1. Consumer packaged goods (CPG), identifies by ‘use by’ dates. These including short shelf-life and cool handling (chilled and frozen) products;
  2. Fast moving consumer goods (FMCG) are durable products, including electronics, household products and apparel;
  3. Asset intensive products (e.g. oil & chemicals, metals processing, pulp & paper) and
  4. Engineered products, including automotive & transport, aerospace and medical

Cooperation to Collaboration

To maximise the Value Added in your business requires the willingness of people to co-operate between the Demand and Supply Chains. To co-operate requires shared data and information, which in-turn requires internal co-ordination. Shared data facilitates collaboration between functions to build relationships and develop joint policies. This provides the basis for an effective Sales & Operations Planning (S&OP) process that links the Demand and Supply Chains to maximise the Value Added.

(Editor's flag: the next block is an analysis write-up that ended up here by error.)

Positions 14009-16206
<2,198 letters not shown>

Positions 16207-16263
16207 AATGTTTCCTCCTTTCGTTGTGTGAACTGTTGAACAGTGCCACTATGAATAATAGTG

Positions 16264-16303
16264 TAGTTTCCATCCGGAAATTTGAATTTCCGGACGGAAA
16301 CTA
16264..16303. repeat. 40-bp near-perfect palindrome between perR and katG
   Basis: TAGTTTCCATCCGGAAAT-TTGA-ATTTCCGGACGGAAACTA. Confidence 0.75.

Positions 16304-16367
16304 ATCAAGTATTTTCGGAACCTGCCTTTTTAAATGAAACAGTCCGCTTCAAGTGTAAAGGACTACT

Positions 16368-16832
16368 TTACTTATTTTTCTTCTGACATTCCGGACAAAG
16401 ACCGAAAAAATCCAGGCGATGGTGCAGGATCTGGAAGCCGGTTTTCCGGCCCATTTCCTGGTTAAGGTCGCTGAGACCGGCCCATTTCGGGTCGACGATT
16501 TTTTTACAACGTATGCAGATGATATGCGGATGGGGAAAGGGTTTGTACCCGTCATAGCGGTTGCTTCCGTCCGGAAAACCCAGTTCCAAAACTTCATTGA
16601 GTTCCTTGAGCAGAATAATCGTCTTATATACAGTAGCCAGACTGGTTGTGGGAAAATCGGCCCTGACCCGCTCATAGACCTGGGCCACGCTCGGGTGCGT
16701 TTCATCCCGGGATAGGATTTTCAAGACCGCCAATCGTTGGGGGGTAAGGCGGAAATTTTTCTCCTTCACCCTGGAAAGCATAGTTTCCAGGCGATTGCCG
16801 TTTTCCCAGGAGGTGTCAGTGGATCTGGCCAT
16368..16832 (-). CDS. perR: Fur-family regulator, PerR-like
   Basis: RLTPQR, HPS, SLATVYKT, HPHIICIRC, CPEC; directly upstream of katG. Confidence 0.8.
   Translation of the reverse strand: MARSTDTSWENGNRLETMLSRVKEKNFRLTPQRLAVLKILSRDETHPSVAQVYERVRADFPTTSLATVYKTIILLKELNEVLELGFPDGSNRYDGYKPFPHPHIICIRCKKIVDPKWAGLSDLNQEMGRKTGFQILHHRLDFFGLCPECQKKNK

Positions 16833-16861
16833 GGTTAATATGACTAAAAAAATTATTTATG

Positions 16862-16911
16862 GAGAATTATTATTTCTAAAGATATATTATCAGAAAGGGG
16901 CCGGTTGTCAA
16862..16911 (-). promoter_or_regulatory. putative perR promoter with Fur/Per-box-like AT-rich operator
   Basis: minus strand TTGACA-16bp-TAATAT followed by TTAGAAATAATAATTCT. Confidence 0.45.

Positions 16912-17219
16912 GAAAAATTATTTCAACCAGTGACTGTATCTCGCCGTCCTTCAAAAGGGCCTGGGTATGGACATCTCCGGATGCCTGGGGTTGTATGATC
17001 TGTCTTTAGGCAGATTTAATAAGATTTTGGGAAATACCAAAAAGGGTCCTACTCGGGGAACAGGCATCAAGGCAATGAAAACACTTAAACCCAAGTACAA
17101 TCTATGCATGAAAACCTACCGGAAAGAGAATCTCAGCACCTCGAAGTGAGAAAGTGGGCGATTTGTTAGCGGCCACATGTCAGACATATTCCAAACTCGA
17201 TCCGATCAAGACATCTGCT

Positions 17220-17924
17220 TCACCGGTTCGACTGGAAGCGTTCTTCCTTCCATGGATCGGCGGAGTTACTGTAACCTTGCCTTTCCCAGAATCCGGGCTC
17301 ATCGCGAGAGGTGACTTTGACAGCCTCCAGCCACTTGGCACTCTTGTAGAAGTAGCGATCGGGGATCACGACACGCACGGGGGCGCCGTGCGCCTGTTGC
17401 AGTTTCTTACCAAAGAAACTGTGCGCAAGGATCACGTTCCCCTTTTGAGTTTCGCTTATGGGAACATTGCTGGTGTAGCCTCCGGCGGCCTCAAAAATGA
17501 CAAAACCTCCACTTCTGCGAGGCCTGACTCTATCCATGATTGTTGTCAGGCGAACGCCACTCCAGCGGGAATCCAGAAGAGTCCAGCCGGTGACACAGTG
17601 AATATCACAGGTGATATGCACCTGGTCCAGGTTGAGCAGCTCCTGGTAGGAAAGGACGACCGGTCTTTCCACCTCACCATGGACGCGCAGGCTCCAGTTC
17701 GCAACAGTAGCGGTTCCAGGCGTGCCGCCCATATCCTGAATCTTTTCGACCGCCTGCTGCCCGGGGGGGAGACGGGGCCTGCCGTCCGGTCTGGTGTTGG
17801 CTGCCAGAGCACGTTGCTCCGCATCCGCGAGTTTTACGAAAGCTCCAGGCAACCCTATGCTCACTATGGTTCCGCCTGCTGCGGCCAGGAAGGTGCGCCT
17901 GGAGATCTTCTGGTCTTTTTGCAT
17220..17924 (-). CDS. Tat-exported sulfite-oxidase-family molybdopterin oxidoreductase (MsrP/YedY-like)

The main challenges in the S&OP process involve four critical elements of Supply Chains: supply, lead times, inventory and capacity. Discussions between the Demand and Supply Chains teams about these elements must be done holistically, because as one element changes, it can often affect the others. To better reconcile differences requires that the four elements are the responsibility of a unified Supply Chains group (Procurement, Operations Planning and Logistics).

For both Demand and Supply Chains, their respective user and supplier markets cannot be managed. In an organisation’s network of supply chains, each Node and Link responds to unplanned events in its own way, which makes for complexity. The more Nodes and Links, the more complex the system, which increases uncertainty (risks) through the supply chains. To be effective in Value Adding, Logisticians must reduce the risks associated with complexity, variability and constraints in processes.